Atmospheric threats could hamper consumer users, but Associate Professor Chris Rizos from the University of NSW's School of Geomatic Engineering maintains only the most exacting specialist users will notice the loss of accuracy. "Still the biggest error is the man-made Selective Availability limitation," Rizos said, referring to the US defence policy that artificially limits GPS to 100m granularity. GPS readings could go as far as 15-30 metres without this Selective Availability constraint. However, the US has promised to reconsider this policy after 2000 and Rizos is confident it may be "eliminated" within three years.
Greater accuracy is sometimes available now, according to John Manning, a GPS expert with the Australian Surveying and Land Information Group (AUSLIG). But noone should depend on GPS alone for minute positioning because the service's precision could be deliberately reduced during a military crisis. "Under its service terms, the US can degrade to 100m readings during a hostile situation so the enemy cannot use GPS against them," explained Manning. "Enemies could only get 100m accuracy, and the same for consumer users."
Manning says accurate GPS readings can be obtained everywhere from the Antarctic to the blazing central deserts, helping Australian pioneers overcome "the tyranny of position".
"From the time of Burke and Wills to current soil, vegetation and mineral exploration, Australian explorers spent most of their time trying to figure out where they were," said Manning. "Now they can press a button for an instant position on their computer."
AUSLIG is using GPS to recalculate with new exactness the position of all trig stations used by surveyors to map land. Most old coordinates require a correction of 190-205 metres. State and Territory Governments will gradually enter refreshed data into land management systems like ecology and land titles records -- although Manning emphasises that physical positions will not change. Trig stations will stay put and property boundaries will be unaffected.
So how realistic is the Tomorrow Never Dies scenario about hackers compromising GPS readings? Rizos says the notion is "far-fetched" because six satellites should be visible at any one time and rogue signals would be picked up. Still, aviators who depend on accurate positioning as a matter of life or death want DGPS signals to include warnings about when satellite data is not reliable, be it from atmospheric or human interference.
Confirmed reports in the US about Inmarsat voice calls obstructing GPS signals leave experts worried that the GPS radio band is not sufficiently buffered. A proposal at last year's World Radio Conference to allocate adjacent bandwidth to other satellites was put on hold for two years. However, McPherson anticipates continued protection for the GPS band.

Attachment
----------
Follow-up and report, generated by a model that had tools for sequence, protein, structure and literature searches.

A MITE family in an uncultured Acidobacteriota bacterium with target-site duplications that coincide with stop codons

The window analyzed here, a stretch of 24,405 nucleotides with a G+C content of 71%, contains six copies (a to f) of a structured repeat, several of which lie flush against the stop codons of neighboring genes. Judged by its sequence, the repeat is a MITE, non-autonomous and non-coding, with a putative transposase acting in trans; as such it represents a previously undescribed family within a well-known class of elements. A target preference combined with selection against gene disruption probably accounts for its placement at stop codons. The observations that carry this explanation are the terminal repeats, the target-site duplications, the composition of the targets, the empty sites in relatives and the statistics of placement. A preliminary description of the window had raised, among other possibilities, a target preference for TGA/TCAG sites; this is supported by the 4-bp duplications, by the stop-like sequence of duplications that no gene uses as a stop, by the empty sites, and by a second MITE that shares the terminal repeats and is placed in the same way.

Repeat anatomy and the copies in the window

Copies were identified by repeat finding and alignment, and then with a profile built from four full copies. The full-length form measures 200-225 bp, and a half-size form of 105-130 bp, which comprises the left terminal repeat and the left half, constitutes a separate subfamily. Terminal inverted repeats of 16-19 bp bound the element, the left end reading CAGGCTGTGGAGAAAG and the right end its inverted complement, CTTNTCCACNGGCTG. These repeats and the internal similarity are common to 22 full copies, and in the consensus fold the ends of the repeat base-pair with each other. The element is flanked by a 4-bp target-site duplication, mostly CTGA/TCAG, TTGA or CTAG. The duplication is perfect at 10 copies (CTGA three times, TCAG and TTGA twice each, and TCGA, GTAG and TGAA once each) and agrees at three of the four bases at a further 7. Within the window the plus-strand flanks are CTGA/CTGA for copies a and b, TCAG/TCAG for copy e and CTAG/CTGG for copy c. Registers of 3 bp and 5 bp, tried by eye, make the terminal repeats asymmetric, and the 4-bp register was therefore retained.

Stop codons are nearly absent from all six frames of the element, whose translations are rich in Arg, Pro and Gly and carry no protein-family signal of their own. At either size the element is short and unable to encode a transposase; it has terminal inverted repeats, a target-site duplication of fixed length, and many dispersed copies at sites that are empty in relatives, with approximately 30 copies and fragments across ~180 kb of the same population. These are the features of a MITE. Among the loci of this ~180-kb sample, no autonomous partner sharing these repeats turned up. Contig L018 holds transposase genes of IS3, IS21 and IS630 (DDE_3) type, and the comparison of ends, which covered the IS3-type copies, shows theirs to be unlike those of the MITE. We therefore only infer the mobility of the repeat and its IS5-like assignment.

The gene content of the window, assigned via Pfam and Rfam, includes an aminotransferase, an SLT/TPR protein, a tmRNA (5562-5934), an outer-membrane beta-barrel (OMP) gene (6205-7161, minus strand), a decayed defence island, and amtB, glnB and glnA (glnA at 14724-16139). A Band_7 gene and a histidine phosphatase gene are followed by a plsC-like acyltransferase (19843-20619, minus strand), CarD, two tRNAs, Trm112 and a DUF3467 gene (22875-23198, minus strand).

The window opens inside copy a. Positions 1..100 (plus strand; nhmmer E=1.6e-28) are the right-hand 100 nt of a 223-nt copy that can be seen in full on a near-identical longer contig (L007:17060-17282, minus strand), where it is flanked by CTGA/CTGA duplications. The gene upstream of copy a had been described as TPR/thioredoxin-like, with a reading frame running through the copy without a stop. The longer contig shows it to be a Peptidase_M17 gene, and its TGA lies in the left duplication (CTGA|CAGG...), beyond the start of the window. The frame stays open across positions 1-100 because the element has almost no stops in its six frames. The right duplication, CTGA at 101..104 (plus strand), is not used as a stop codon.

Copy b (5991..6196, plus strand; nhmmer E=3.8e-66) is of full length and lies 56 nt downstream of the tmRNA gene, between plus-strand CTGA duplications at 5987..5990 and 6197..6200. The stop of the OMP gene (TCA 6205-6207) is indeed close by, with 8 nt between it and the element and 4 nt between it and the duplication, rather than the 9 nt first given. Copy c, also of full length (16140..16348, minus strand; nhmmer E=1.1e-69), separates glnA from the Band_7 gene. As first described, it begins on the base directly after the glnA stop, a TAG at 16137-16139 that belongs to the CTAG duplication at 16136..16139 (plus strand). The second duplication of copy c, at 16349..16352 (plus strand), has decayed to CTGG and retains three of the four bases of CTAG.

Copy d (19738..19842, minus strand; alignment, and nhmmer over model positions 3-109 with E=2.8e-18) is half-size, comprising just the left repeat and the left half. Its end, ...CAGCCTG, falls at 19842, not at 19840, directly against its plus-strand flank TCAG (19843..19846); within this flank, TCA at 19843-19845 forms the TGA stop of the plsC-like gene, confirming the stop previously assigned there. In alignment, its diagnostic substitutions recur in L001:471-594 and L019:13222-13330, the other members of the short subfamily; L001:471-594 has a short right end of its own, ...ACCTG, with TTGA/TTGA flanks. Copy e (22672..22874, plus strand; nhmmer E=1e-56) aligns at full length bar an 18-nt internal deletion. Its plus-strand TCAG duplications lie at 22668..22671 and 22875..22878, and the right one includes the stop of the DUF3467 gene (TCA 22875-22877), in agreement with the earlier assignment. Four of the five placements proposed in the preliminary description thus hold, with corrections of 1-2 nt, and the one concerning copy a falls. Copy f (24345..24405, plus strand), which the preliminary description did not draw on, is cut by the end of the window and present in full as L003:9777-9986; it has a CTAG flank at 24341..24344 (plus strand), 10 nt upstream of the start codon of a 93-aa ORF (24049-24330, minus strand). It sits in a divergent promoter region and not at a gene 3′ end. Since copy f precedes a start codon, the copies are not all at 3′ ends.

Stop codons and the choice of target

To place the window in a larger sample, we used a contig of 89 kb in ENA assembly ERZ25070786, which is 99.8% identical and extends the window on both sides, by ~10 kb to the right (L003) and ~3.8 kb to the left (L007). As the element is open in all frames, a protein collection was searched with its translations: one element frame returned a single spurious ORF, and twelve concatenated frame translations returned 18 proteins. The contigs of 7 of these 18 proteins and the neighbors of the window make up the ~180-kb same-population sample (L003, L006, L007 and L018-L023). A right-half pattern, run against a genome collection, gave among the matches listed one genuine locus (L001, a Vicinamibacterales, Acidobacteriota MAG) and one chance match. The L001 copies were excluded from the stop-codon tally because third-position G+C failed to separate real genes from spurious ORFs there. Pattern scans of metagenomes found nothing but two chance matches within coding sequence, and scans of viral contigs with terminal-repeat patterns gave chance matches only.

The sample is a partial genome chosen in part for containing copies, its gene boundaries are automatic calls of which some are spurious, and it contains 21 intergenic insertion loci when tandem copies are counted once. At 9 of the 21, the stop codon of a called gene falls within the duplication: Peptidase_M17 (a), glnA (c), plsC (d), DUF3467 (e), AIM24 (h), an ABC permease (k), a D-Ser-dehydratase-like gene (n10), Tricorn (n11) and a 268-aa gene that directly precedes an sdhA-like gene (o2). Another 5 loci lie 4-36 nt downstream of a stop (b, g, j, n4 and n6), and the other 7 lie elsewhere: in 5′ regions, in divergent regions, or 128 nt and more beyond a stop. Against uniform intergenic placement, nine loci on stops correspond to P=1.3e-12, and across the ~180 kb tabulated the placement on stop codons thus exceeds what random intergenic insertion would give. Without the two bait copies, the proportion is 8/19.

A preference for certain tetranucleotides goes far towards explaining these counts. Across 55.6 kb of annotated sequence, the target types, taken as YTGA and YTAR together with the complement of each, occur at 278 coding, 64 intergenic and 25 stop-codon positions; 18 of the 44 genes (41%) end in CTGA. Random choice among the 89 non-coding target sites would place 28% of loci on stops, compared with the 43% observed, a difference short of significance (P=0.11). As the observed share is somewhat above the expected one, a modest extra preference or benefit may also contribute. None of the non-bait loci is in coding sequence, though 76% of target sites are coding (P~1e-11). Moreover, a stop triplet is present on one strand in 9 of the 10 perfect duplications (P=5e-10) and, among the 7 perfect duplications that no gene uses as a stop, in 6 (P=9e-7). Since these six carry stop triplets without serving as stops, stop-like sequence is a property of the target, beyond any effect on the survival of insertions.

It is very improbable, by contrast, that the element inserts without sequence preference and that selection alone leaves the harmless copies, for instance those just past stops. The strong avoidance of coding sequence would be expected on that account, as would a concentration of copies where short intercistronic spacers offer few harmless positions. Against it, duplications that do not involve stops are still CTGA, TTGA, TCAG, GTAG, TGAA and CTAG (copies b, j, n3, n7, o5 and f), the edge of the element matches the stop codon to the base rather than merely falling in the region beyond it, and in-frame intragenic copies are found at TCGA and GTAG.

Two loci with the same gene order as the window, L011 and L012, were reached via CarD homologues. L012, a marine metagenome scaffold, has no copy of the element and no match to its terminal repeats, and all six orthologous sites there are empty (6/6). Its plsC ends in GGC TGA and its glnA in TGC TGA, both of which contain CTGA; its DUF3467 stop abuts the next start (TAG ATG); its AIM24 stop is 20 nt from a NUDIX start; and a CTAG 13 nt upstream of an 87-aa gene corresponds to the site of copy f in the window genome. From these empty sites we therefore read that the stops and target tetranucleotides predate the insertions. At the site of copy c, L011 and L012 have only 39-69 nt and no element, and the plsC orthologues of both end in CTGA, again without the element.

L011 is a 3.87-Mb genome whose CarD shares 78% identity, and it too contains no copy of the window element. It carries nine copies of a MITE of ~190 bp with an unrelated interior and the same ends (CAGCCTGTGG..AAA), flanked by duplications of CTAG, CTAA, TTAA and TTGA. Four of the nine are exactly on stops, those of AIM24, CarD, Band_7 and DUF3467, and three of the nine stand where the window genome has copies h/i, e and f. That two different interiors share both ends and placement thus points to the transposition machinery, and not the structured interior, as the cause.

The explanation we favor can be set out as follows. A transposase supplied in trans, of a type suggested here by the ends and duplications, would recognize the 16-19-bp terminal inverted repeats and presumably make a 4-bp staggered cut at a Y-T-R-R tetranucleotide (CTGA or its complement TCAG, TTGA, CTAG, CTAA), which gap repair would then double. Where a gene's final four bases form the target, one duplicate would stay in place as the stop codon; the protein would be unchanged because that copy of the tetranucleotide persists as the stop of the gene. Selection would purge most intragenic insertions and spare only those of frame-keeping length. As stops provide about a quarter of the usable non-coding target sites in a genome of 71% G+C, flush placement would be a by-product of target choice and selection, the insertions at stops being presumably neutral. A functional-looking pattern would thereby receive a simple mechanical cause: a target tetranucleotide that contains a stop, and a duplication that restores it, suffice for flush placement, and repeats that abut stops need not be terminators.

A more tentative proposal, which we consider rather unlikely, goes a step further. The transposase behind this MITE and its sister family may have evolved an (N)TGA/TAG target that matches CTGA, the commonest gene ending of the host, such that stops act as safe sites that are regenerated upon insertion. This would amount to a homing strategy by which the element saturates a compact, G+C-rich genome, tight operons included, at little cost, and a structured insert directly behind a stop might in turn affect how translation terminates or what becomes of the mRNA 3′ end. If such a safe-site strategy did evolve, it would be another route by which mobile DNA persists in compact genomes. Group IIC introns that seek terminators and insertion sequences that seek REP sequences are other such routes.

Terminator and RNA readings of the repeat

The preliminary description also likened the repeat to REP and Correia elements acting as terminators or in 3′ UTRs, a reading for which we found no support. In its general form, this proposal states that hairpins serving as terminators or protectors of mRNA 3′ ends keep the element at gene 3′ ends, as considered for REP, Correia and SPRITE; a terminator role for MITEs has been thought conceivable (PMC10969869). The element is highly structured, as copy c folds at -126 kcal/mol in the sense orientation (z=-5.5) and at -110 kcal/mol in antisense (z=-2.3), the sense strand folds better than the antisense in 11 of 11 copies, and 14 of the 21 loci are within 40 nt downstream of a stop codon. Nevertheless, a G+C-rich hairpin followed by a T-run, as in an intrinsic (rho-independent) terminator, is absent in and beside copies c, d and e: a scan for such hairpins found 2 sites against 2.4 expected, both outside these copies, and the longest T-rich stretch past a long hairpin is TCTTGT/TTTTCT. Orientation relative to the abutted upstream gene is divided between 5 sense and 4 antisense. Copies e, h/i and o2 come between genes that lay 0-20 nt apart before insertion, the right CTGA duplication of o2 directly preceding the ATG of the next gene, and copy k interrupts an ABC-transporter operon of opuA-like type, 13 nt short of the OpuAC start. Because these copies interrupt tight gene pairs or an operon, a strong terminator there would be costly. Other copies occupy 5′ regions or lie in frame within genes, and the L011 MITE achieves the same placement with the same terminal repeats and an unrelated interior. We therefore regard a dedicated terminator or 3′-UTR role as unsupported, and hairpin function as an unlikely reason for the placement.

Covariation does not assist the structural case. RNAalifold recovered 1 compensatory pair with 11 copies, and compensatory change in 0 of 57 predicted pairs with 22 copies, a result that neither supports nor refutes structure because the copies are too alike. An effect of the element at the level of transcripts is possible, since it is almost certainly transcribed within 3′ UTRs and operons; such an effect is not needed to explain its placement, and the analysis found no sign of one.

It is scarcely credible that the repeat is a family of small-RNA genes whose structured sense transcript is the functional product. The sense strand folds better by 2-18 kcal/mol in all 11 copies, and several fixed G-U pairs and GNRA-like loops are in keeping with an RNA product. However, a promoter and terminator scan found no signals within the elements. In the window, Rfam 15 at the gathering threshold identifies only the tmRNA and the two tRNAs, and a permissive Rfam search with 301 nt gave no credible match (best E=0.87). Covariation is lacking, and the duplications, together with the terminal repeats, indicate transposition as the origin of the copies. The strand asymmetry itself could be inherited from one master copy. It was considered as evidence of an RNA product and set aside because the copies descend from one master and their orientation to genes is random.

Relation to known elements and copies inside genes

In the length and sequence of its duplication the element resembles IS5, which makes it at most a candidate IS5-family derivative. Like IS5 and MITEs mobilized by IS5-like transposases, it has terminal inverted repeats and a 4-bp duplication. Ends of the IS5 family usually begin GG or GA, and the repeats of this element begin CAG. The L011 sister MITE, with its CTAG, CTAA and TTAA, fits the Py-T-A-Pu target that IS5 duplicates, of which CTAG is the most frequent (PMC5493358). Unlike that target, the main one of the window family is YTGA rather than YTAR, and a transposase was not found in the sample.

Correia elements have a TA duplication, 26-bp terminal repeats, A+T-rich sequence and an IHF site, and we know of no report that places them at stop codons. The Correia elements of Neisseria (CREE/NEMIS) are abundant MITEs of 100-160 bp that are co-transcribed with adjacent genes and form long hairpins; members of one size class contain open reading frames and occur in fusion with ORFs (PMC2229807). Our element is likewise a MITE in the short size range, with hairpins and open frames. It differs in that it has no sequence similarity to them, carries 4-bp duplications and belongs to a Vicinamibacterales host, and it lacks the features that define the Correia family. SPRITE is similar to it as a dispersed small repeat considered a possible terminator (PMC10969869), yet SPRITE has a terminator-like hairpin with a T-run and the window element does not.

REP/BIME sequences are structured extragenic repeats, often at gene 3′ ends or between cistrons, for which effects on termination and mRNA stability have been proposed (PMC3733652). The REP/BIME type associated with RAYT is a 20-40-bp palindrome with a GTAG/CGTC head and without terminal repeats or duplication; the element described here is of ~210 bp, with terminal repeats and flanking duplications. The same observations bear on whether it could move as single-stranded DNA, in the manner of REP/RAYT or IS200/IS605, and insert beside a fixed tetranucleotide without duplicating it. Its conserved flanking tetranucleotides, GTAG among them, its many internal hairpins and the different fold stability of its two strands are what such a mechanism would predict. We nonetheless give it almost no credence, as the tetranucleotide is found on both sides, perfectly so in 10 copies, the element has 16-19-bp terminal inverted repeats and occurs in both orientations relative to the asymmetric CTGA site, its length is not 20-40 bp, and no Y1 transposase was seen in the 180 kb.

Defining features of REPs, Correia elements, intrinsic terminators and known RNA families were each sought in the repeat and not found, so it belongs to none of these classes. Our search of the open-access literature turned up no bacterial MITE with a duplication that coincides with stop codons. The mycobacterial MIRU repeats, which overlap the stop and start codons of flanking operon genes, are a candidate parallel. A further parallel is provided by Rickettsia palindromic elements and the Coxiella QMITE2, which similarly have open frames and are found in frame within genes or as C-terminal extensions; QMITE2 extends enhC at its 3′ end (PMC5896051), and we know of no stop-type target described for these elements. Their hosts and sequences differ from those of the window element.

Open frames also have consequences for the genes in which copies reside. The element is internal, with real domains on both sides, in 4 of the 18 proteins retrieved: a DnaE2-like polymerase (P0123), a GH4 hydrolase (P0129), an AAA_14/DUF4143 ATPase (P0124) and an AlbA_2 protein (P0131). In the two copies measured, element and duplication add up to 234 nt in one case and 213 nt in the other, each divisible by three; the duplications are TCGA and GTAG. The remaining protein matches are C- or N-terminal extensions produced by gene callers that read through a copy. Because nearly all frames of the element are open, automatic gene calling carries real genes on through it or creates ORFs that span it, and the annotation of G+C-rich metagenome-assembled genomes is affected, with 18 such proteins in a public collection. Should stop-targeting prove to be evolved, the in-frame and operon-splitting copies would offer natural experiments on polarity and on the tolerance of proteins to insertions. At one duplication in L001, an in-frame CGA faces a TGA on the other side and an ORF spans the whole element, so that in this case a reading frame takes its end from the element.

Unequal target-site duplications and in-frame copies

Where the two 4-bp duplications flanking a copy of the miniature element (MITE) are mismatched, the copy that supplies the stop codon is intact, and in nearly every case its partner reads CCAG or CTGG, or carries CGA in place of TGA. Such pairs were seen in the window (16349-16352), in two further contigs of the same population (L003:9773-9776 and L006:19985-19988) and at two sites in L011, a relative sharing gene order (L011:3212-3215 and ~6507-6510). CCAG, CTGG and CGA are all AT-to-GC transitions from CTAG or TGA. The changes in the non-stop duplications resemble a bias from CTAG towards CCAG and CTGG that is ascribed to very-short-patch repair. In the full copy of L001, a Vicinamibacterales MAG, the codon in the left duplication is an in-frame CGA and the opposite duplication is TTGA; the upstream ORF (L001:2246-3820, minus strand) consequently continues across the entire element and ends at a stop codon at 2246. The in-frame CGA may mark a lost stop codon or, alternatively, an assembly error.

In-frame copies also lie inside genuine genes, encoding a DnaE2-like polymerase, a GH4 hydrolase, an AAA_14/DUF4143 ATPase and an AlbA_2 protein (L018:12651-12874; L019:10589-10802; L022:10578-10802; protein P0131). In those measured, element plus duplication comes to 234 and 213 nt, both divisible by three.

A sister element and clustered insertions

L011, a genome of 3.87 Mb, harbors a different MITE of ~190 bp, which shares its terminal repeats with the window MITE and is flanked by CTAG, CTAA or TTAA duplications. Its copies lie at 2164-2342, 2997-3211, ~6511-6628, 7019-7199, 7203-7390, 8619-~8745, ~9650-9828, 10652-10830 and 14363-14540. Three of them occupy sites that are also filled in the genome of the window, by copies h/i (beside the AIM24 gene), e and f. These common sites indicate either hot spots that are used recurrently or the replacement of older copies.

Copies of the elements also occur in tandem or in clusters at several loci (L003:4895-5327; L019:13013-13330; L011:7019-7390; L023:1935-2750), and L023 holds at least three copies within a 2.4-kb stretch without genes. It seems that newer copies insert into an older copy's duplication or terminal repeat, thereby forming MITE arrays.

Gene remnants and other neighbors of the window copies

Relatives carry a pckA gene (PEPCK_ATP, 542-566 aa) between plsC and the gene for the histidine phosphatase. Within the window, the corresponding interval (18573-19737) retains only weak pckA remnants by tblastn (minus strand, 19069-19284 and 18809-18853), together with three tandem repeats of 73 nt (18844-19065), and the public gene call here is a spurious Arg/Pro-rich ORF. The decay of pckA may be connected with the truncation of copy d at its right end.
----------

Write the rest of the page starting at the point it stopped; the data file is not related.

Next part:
Jamming GPS signals from close range is relatively easy, Rizos claims, but the more likely scenario is inadvertent interference from radio hobbyists. McPherson says jamming is occasionally reported to Air Services, although it's "insufficient to cause any alarm to date". The organisation recently tested the vulnerability of commercial GPS receivers at Woomera range. Results are not yet processed, but McPherson attributes most problems to poor aerial installation. AMSA's Harris believes the next generation of GPS will address the jamming threat, although risks are presently low. "The danger is the same as the chances of any intentional harm," he said.
GPS is a big money spinner for the US economy, even though there are no access fees to receive the signal. The satellites were originally launched for defence during the Star Wars era. Later the US Government decided, in an act of international philanthropy, that civilians would have free access to GPS. This largesse was predicated on the belief that US manufacturers would dominate the market for professional GPS equipment.
To date that faith has been repaid. That's left many Europeans uneasy about the US monopoly on both infrastructure and industry. A number of German and British companies are lobbying the European Union to finance the Russian GPS program in order to foster European technology industries. However, Russia has rejected offers where assistance was conditional on surrendering control of the program.
The biggest problem confronting GLONASS (Global Navigation Satellite System), the Russian positioning system, is its dubious reliability. GLONASS birds keep falling out of the sky and Russia's impoverished defence department does not have enough money to launch new ones. Briefly in 1996 a complete 24 satellite constellation was in place, but the count is now down to 14, according to the GLONASS monitoring program at Massachusetts Institute of Technology (vega.atc.ll.mit.edu). Launches scheduled for earlier this year were delayed.
Problems with GLONASS are lamentable, John Manning says, because many users would value a second network. In fact, despite question marks over its technology, GLONASS can provide greater accuracy (down to 30m) because Russia does not impose artificial Selective Availability limitations. Aviators would like access to both systems as a backup, while Manning says mapping and mineral surveys can combine GPS and GLONASS for superior accuracy. Using both systems brings up to 15 satellites into view -- and gaps in GLONASS coverage are less of a problem for surveyors whose top priority is precision.
-- Dan Tebbutt
This article was published in The Australian, 12 May 1998, page N.
Full text © copyright Dan Tebbutt.